Charlie Lucas turns ‘scrap’ into art

Published 11:00 pm Friday, October 5, 2012

“The Art of Charlie Lucas” is on display at The Johnson Center for the Arts in Troy through November 15. Lucas is a folk artist that focuses on bringing “scrap” metal to life in his artwork, earning him the nickname “Tin Man.”

If you get lost and happen upon Pink Lily, Alabama – and you almost have to be lost to happen upon Pink Lily — then you could find yourself in a folk-art wonderland.

But, then you might miss it all together.

What could mistakenly be thought a junkyard is actually the outdoor wonderland of the art of the Tin Man, Charlie Lucas, an internationally acclaimed folk artist who gives “scrap” new life.

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“Everything in life doesn’t have to be shiny and new,” Lucas said. “That’s not natural.”

Lucas has found a way to take shiny and new pieces that have turned useless and turn them into sculptures that turn the heads of motorists streaking through Pink Lily and totally blow away folk art connoisseurs around the world.

Those who visit the Johnson Center for the Arts in Troy through Nov. 15 will have the opportunity to see the genius of Charlie Lucas on exhibit. Not just the metal sculptures that earned Lucas the nickname “Tin Man” but also his paintings.

“The Johnson Center is proud and honored to bring the ‘The Art of Charlie Lucas’ to Troy,” said Morgan Drinkard, Center director. “We have 85 pieces of Charlie Lucas’ work, sculptures and paintings. It is an amazing exhibition that fills all eight galleries of the Center.”

Morgan said she does not remember any exhibition at the Johnson Center that has filled all galleries.

“We are very excited about this exhibition,” she said. “It’s a fun show. It’s colorful and I think that everybody who visits the Charlie Lucas’ exhibit will find something they want to take home. He reaches everybody in some way.”

The Charlie Lucas story is not one of rags to riches. While he might admit to the rags part of the story, he shuns any idea of material riches.

He considers himself richly blessed to have hit rock bottom and climbed back to the top of the heap.

Drinkard said that Lucas, one of 14 children, came from a family of creative people. His great-grandfather was a blacksmith. His grandfather was gunsmith and a chair caner. His grandmother was a weaver and his dad was an auto mechanic in Jefferson County where Lucas was born.

“Charlie said that he was a creative child,” Drinkard said. “He would go off by himself and make his own toys out of scrap materials and junk. When he was 14 years old, he went from town to town with a paintbrush and bucket knocking on doors asking for work.”

Lucas was married with six children and living in Autauga County when a severe back injury knocked him flat. Unable to work and support his family,




he prayed and asked God to help him find something to do that no one else was doing.

His prayers were answered.

As a young boy, Lucas, with his dad’s guidance, had learned to take a car apart and put it back together. He had developed a fondness for metal and was fascinated by the many ways that it could be used and reused and how metal could be welded and twisted.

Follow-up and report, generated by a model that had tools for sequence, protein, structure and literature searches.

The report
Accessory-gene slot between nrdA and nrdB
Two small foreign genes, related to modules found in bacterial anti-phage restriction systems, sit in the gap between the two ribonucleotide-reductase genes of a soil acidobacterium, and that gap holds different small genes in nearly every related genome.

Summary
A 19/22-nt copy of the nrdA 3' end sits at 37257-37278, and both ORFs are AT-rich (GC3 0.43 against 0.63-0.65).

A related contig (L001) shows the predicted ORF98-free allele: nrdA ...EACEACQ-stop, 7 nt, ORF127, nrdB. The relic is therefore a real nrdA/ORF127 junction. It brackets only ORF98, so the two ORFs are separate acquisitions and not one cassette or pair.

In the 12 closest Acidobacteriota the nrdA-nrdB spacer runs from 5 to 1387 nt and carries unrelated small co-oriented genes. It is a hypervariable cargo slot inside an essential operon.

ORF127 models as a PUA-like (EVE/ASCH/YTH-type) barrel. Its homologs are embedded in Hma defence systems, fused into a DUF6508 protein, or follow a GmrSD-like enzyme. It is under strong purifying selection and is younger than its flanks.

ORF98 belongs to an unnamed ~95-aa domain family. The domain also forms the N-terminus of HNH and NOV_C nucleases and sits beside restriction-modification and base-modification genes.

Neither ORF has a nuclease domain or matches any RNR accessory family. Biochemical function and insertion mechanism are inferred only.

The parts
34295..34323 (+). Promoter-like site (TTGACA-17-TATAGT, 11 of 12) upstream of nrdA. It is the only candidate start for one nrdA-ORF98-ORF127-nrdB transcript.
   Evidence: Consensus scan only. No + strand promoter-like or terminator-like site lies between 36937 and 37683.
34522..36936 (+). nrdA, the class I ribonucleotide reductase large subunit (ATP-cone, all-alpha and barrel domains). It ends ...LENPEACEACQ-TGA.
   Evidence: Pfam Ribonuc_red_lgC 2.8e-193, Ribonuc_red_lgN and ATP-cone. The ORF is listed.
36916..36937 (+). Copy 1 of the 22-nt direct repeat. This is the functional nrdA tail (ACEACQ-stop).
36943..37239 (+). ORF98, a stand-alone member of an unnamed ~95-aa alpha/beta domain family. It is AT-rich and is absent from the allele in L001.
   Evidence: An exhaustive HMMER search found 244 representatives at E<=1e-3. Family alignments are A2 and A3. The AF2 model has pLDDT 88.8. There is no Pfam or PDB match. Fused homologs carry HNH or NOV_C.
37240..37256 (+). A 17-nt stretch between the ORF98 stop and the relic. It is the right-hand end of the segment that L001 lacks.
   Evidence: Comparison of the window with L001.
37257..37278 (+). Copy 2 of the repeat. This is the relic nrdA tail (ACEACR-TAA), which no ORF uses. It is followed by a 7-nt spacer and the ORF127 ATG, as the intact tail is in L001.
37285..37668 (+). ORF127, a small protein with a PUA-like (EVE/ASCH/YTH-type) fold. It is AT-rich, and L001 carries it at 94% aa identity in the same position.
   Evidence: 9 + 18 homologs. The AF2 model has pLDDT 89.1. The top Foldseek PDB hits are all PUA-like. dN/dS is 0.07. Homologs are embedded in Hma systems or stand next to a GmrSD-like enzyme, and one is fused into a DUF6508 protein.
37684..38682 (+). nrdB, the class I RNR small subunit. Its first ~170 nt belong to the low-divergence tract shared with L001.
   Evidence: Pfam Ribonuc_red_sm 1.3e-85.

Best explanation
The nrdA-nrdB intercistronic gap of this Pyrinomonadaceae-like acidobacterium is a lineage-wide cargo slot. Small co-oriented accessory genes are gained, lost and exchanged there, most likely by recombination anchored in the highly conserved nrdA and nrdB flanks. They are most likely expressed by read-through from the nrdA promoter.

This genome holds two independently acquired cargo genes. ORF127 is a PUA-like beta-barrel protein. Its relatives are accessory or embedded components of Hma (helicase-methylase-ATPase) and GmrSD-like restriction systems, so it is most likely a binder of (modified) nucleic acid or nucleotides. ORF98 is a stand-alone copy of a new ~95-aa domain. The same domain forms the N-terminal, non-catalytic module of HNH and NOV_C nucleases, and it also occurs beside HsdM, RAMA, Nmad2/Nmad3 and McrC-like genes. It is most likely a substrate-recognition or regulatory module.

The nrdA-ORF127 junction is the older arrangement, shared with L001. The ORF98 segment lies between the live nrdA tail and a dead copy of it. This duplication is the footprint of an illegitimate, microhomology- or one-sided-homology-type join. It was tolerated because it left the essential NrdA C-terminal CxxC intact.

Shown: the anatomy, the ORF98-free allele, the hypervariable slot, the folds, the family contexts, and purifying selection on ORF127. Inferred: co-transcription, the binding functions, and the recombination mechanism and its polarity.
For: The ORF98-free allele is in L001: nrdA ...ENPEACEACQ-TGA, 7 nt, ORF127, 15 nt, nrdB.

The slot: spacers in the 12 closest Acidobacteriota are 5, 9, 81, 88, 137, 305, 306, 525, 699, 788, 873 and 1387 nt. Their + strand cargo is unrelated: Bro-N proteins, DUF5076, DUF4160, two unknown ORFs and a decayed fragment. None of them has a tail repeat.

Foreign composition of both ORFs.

He had also realized that there was beauty in the old and was fascinated by the rusty way metal, wire, wheels and “scrap” could work together to make something greater than themselves.

Knowing all this, Lucas discovered sculpture and the artist in him was released.

Today, Lucas works from his warehouse studio in Selma and is one of the most highly regarded folk artist in the country. He is also in great demand as a lecturer. He lectures on his art at Yale University and in schoolrooms across the country.

Lucas will be in Troy Oct. 11-14 and will conduct workshops at county, city and private schools along with Tara Sartorius, retired curator of education at the Montgomery Museum of Fine Arts.

Lucas will discuss his art with the students at Banks Primary, Pike County, Troy Elementary and Goshen Elementary schools and Charles Henderson Middle School and Pike Liberal Arts. Following his presentations, Sartorius will work with students to complete an art project designed by Lucas.

Lucas will take the stage of the We Piddle Around Theater on Friday night, Oct.13 to share stories of his friendship with legendary Alabama storyteller Kathryn Tucker Windham.

Their friendship spanned the barriers of age, education, social status and race. Lucas will stir memories of the beloved legendary lady that will bring laughter and tears.

A reception will be held in Lucas’s honor from 2 until 4 p.m. Oct. 14, at the Johnson Center for the Arts.

“The public is invited to attend the reception and hear Charlie Lucas talk about his art and tell the stories behind the pieces,” Drinkard said. “The stories are as interesting as the pieces are fascinating.”

Drinkard expressed appreciation to the Alabama State Council on the Arts for sponsoring the Charlie Lucas programs — the school workshops, the storytelling event and the exhibition. The school workshops are a part of the Tony Scott Art Bridges Program.

“The support of the Alabama State Council on the Arts makes it possible for us to bring many outstanding art programs and events to Pike County,” she said. “Without the art council’s support, we would not have been able to bring Charlie Lucas to Pike County to the benefit of hundreds of school children, theater goers and visitors to the Johnson Center.